“I was happy to see some of their focus on addictions and mental health,” said Hyggen. “We are going to have a facility that will be opening up here in the next couple of months here in Lethbridge that focuses on recovery.”

Looking to repair Alberta’s health care, $3.1 billion will be invested over three-years in health capital projects and programs. With new investments to strengthen the Emergency Medical Services (EMS) system, decrease emergency department wait times, and help reduce surgical wait times. $11 million over three years will go to expanding the renal dialysis program at the Chinook Regional Hospital, relocating the dialysis unit to provide additional treatment spaces. 

“During our budget consultations, we heard from Albertans across the province who identified the need to strengthen our healthcare system and increase its capacity,” said Toews. “Budget 23 commits $965 million more this year for healthcare. That is a 4.1% increase to reduce wait times in hospital emergency rooms, provide more surgical capacity, and get more ambulances on the road to respond to emergencies.”

Under an AMA agreement, more than $250 million over four-years, is targeted toward recruitment and retention programs for more Albertans to have access to family doctors, and to provide more support for physician practice viability. $2 billion per year will go to drugs and supplemental health benefit programs, with The Seniors Drug program budgeted with $693 million in 2023-2024, supporting over 700,000 seniors. 

Addressing inflation and the effect it has had on the non-profit sector, the Alberta Government will allocate $42 million over two years from 2022- 2024 to support food banks, and extend the low-income transit pass pilot program in Edmonton and Calgary to other municipalities.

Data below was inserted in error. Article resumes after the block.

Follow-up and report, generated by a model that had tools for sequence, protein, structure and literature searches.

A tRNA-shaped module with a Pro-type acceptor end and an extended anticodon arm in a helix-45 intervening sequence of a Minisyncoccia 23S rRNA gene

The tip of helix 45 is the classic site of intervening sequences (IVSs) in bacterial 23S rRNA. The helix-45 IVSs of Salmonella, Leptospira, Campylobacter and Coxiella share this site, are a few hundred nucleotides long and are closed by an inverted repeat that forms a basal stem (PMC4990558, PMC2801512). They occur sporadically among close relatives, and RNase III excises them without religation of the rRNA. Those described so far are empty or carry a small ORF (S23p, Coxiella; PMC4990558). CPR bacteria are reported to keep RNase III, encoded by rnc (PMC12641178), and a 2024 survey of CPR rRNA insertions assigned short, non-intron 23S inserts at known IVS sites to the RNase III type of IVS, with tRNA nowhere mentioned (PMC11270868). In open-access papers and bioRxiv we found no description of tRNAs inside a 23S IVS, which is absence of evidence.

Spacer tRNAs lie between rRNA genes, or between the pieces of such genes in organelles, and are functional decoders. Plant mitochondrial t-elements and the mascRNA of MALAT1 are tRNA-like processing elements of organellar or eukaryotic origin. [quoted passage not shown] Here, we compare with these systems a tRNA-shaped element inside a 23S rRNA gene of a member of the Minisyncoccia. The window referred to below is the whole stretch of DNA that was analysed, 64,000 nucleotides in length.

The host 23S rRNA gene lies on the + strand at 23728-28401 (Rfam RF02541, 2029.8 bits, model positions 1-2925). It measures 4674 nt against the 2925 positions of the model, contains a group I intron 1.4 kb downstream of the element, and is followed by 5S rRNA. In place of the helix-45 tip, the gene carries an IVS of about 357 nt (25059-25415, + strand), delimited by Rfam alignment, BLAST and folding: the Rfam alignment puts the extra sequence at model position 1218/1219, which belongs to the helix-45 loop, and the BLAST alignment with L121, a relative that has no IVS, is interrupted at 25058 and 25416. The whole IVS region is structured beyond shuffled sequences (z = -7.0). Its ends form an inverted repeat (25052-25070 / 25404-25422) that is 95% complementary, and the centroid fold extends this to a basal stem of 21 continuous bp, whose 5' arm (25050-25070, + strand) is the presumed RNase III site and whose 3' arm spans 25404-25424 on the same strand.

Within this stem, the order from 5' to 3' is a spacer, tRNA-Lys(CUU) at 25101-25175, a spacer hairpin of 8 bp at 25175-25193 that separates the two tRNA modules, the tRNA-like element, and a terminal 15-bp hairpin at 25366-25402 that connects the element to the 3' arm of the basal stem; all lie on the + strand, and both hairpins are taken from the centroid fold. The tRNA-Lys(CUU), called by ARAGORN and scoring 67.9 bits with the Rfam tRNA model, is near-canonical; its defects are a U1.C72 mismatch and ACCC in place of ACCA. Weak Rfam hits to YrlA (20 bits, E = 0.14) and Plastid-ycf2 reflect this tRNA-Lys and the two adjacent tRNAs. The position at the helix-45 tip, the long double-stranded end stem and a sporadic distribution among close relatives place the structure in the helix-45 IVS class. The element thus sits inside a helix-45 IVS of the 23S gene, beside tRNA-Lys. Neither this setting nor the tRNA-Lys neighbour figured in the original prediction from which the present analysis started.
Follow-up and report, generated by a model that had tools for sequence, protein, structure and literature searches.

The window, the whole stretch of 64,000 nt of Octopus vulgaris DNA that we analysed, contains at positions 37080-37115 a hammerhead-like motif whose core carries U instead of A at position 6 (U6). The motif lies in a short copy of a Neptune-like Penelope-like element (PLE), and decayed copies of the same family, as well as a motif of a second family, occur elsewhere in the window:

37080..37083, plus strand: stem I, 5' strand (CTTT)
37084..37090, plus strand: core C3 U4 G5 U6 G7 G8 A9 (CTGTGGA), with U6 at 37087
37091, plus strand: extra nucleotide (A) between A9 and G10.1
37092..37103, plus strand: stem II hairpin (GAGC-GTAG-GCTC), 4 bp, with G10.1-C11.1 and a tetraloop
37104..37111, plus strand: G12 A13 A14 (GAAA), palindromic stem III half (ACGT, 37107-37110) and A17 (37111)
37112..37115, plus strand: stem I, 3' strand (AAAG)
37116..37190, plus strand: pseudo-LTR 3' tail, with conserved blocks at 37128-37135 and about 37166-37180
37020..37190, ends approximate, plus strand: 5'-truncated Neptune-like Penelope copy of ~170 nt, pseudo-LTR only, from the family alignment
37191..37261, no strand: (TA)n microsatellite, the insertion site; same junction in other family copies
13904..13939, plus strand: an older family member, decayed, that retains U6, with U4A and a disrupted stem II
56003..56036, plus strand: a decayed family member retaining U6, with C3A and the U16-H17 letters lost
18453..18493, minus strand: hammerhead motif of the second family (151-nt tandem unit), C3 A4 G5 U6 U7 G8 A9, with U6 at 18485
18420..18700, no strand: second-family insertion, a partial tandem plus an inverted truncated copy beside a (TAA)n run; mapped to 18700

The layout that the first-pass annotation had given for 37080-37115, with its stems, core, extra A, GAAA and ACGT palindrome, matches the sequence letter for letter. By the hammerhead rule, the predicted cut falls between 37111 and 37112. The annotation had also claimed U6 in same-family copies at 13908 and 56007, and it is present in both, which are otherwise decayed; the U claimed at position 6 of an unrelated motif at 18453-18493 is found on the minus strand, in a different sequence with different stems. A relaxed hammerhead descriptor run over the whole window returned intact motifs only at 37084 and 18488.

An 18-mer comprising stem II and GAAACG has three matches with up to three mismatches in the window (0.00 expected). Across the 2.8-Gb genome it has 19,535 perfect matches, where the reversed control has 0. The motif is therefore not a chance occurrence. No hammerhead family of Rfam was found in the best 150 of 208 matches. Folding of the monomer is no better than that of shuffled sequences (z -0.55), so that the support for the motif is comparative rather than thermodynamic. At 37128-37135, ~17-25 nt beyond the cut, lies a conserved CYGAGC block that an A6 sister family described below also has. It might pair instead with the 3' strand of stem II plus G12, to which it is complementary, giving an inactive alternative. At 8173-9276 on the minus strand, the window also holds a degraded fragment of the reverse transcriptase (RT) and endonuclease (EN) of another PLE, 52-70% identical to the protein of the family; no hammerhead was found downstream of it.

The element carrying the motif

Up to 35 First Nations policing positions will be added across the province. Over the next three-years, $65 million will be provided for First Nations policing to improve community and officer safety and enhance service delivery for the Blood Tribe Police Services, Lakeshore Regional Police Services, and Tsuut’ina Nation Police Services. As well as jointly funding a new First Nation police service for Siksika Nation. 

With Budget 2023 tabled, Hyggen said Lethbridge will take some time to see how it fairs.

“I thought the advocacy worked, that the work we were doing was paying off,” said Hyggen. “I am going to have to dig deeper into this. If it is hidden somewhere with this budget, maybe I will be able to come back and say ‘Well gosh here’s where it was’ But I will have to dig deeper into it and find out why we were missing the boat here on some of this funding.”

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Dennis Bremner

I see lots of Provincial Titles reeking of “supposed power” behind MPP Neudorfs name….but………………………. https://www.youtube.com/watch?v=bRl_sBg6GX8

Last edited 1 year ago by Dennis Bremner

Point for consideration. Maybe all the solutions the cabal in Southern Alberta were recognized by adults in the room for what they are, basic failures, hence been cut off from the money tree.


Just wondering what did Lethbridge actually ask for and who does the asking? Also Shannon Phillips is our MLA West so how des she fit in to this process as an opposition party member? Does she get any chance to plead our case as West Lethbridge represntative?


Excellent question. Did they actually ask for anything specific or did they just expect it to happen.

Southern Albertan

What? The UCP is not refunding its municipal funding cuts? Shocker. They’re backpedaling on many of their other cuts to get votes.


Well Mr. Hyggen you are the man at the top, the buck stops with you. If members of the community social services department or Lethbridge Housing Authority messed up and IF you ever find out about it- will you let us know? The left hand may have not known what the right was doing? And it is usually under the radar of city council when it happens.